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PNG: Media council calls for 'silence' on domestic violence to be broken


Sudden death of prominent PNG journalist Rosalyn Albaniel Evara ... widespread calls for violence against women to stop after abuse allegations emerge. Image: Loop PNG

Wednesday, October 25, 2017

Item: 10017

AUCKLAND (Pacific Media Watch): The Media Council of Papua New Guinea is calling for an investigation into the untimely death of senior journalist and Post-Courier business editor Rosalyn Albaniel Evara.

"While the Council respected the wishes of her immediate family to proceed with her burial, it acknowledges that the pain that Late Rosalyn had to endure is no longer just hers, and a pain that many more women in the country may be going through every day," the MCPNG said in a statement.

Evara, 41, was rushed to hospital last week on October 15 after collapsing in her home.

She passed away in Port Moresby General Hospital later that day.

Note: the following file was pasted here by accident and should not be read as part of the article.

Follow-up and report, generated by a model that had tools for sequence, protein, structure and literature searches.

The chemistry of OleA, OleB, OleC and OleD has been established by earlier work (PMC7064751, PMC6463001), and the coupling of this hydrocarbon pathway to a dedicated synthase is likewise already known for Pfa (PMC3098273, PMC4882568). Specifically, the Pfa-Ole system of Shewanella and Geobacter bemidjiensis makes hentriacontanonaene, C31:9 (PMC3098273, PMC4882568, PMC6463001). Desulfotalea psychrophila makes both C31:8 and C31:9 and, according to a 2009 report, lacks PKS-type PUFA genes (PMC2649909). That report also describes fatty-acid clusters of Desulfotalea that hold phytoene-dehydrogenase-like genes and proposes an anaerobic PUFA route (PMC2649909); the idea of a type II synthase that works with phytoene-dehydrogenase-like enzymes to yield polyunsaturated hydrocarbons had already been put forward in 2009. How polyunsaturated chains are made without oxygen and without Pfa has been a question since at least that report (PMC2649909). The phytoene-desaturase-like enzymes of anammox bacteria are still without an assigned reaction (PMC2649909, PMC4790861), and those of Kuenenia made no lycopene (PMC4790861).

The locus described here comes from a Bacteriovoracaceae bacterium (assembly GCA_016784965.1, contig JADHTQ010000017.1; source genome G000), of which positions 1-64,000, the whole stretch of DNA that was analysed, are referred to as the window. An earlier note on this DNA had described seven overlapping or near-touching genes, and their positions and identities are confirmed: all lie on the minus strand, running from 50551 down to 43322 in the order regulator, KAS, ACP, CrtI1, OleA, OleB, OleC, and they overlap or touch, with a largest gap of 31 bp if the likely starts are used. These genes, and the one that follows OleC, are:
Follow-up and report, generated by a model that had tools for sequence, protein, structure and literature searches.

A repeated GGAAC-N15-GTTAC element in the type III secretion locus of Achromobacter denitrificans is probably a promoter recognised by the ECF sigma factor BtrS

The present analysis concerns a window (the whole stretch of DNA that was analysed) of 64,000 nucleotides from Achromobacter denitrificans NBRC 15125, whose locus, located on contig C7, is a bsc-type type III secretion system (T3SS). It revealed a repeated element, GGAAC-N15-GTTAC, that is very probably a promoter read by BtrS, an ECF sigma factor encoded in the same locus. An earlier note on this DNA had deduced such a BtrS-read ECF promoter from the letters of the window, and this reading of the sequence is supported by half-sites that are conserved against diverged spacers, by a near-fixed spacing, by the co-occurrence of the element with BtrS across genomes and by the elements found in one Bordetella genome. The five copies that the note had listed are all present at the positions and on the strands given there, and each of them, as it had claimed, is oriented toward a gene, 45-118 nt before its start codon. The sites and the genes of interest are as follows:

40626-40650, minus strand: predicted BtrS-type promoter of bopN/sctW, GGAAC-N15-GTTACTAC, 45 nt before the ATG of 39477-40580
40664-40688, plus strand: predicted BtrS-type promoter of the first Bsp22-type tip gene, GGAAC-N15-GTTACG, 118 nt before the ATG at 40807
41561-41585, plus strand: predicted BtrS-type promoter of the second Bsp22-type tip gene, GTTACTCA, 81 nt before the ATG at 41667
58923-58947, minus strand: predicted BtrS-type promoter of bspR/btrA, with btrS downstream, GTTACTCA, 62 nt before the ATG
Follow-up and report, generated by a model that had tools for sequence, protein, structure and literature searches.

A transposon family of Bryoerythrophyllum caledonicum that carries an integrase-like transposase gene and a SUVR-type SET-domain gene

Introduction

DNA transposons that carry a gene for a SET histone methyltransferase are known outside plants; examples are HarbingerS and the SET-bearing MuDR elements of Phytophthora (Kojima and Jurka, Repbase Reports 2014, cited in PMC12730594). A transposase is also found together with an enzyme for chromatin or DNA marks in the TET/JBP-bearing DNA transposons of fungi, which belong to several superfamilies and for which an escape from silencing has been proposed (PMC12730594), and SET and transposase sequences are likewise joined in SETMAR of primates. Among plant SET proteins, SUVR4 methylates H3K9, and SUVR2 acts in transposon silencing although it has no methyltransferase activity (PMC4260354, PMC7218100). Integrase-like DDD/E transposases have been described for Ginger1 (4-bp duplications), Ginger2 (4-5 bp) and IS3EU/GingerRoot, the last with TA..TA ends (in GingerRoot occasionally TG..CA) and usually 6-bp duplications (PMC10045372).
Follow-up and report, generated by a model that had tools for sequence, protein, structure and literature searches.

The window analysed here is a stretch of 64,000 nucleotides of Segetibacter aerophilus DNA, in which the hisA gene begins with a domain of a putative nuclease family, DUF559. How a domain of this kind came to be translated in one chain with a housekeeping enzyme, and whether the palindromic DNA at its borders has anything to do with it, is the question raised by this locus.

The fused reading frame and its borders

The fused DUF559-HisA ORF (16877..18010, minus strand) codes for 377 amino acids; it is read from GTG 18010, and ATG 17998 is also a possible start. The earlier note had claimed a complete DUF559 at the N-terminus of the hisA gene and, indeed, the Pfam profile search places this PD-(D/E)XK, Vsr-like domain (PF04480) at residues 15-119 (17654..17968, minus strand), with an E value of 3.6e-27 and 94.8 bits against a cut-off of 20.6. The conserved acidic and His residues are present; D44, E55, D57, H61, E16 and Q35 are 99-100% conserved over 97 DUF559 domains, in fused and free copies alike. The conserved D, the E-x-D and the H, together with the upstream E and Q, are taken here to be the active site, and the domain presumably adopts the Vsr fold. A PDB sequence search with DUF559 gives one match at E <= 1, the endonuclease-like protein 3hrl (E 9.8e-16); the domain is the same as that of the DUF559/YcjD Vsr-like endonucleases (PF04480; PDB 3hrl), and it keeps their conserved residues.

Pacific Media Watch reports Evara's funeral on Monday was overshadowed by abuse allegations, after her aunt, Mary Albaniel, said her niece had been a victim of violence.

The MCPNG is now calling on PNG's media fraternity to push for justice for the victims of gender-based violence.

"It has happened to one of our own, and it is time to acknowledge that it needs to stop.

Domestic violence 'cancer'
"More needs to be said about this cancer, which thrives behind closed doors and breeds on fear," it said.

The MCPNG said many female journalists in PNG suffer from violent and abusive relationships, which affects their work and families.

It said the media can longer keep silent and must continue to report on the issue "despite cultural and social challenges".

"It is not too late to help those who are living with the same fear she had to endure," the MCPNG stated.

Human Rights Watch has stated PNG's government has taken insufficient steps to address gender-based violence.

Described as an "emergency" which needs addressing in their 2015 report 'Bashed Up: Family violence in Papua New Guinea', domestic violence rates in PNG remain among the highest in the world and are rarely prosecuted.

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Pacific Media Watch is compiled for the Pacific Media Centre as a regional media freedom and educational resource by a network of journalists, students, stringers and commentators.
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